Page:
July 16 - KATHMANDU: Nepal Rastra Bank (NRB), the central monetary authority, today introduced Unified Directives 2014,
which, among others, prevents individuals from acquiring loans to purchase promoter shares of banks and financial institutions (BFIs), makes it mandatory for promoters and high-ranking officials of BFIs to declare their properties, paves the way for development banks and finance companies to park money in BFIs, and eases provision on margin lending.
The Unified Directives, which is a compilation of several new and old instructions issued by the central bank, has barred individuals from acquiring loans from financial institutions to purchase promoter shares of BFIs.
Currently, NRB has barred individuals from acquiring credit to become shareholders of newly established BFIs and purchasing shares floated through initial public offerings.
However, there is no clear cut provision that prevents individuals from acquiring loans to purchase promoter shares available in the market.
"The latest provision is specifically targeted towards preventing the practice of obtaining loans to purchase promoter shares up for grabs," a high-ranking NRB official told The Himalayan Times.
Similarly, NRB has also made it mandatory for promoters, CEOs, officer-level staff of BFIs and their family members to update their statement of fixed and non-fixed assets within 35 days of conclusion of every fiscal year.
"This facility will give us an idea on their net worth if we have to freeze their assets due to involvement in malpractices," the NRB official said.
NRB has also allowed development banks and finance companies to park money in call deposit accounts of other financial institutions. Earlier, NRB had allowed such institutions to deposit money restrictively in commercial banks till mid-July of this year.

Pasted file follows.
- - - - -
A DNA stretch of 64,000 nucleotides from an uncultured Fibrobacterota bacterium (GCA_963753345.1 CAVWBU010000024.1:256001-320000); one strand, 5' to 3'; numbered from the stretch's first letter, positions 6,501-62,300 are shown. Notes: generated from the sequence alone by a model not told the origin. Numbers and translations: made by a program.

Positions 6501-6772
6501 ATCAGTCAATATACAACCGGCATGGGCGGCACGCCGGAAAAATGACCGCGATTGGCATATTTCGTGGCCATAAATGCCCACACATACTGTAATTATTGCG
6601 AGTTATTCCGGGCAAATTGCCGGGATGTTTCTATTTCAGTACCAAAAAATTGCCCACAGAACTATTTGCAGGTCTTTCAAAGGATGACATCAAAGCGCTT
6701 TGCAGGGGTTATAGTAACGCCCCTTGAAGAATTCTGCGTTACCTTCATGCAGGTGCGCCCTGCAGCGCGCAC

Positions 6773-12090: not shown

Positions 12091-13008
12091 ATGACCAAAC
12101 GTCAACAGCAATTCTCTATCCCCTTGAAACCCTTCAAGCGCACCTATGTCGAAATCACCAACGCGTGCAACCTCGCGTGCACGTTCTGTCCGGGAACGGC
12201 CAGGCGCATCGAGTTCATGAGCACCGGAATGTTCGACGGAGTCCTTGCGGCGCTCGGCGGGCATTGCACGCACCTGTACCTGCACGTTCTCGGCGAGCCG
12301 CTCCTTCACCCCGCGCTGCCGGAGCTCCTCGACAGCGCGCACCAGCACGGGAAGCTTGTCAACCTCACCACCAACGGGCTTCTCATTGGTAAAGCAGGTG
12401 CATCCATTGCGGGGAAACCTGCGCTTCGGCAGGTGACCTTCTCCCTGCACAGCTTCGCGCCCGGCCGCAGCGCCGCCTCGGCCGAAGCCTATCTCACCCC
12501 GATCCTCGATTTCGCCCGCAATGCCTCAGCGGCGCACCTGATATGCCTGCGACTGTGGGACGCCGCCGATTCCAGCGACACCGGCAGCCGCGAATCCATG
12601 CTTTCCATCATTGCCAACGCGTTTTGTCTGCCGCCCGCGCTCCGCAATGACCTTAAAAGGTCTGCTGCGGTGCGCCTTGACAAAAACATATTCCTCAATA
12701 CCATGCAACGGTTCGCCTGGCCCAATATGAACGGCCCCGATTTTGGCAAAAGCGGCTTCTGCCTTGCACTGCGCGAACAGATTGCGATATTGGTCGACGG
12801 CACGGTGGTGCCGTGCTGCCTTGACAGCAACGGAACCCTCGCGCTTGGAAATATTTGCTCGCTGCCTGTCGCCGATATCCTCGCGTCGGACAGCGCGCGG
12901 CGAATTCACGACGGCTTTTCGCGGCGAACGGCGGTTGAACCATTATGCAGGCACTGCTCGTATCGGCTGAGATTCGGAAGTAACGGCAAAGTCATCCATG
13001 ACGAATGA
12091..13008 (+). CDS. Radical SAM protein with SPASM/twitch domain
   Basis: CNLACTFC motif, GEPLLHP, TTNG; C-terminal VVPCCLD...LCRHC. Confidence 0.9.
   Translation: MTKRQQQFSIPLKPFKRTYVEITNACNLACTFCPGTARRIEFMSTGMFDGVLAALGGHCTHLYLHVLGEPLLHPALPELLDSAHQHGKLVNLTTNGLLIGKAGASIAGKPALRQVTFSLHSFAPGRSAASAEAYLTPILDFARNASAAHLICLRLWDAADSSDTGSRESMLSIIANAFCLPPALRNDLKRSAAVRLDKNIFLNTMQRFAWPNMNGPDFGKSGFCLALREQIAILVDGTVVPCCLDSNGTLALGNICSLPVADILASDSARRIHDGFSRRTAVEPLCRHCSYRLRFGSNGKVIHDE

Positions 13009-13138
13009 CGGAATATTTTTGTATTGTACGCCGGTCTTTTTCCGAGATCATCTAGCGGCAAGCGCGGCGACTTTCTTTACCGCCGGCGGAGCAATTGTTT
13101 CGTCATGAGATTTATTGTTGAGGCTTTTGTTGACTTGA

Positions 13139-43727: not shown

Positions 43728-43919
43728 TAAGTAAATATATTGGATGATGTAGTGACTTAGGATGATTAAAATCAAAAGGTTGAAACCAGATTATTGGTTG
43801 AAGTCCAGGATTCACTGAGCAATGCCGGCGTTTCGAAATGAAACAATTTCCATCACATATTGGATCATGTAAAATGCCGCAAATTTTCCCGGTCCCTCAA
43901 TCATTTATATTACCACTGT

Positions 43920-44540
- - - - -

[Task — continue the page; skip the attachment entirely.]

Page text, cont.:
Among others, NRB has eased provisions on margin lending — loans issued against stocks.
Currently, BFIs have to ask borrowers, who have obtained loans on the back of shares, to pledge additional collateral if the value of shares used as security drops by up to 10 per cent.
The new provision has annulled that facility, but on condition that the value of shares is at least one and a half times the loan obtained by the borrower.
This means a borrower who has obtained a loan of say, Rs 100, on the back of shares worth, say, Rs 1,000, will not have to pledge additional collateral even if the value of shares drops by 10 per cent to Rs 900.
Similarly, NRB has also allowed promoters of BFIs, who convert promoter shares to public shares, to hold such public shares. The provision was introduced to clear the confusion created by two contradicting provisions.
Currently, one provision allows up to 49 per cent of promoter shares to be converted into public shares as against the previous policy of allowing only 30 per cent of the promoter shares to be converted into public shares. But, on the other hand, the Bank and Financial Institution Act bars promoters, CEOs, auditors, board secretaries and officials working in finance and account departments to sell the shares of BFIs they are engaged in for up to a year of stepping down from those institutions.
"This provision had prevented many from immediately converting promoter shares into public shares. We hope the new provision will clear the confusion," the NRB official said.
Among others, the Unified Directives has made it mandatory for BFIs to extend home loans and credit for the purpose of building complexes upon abiding by the National Building Code.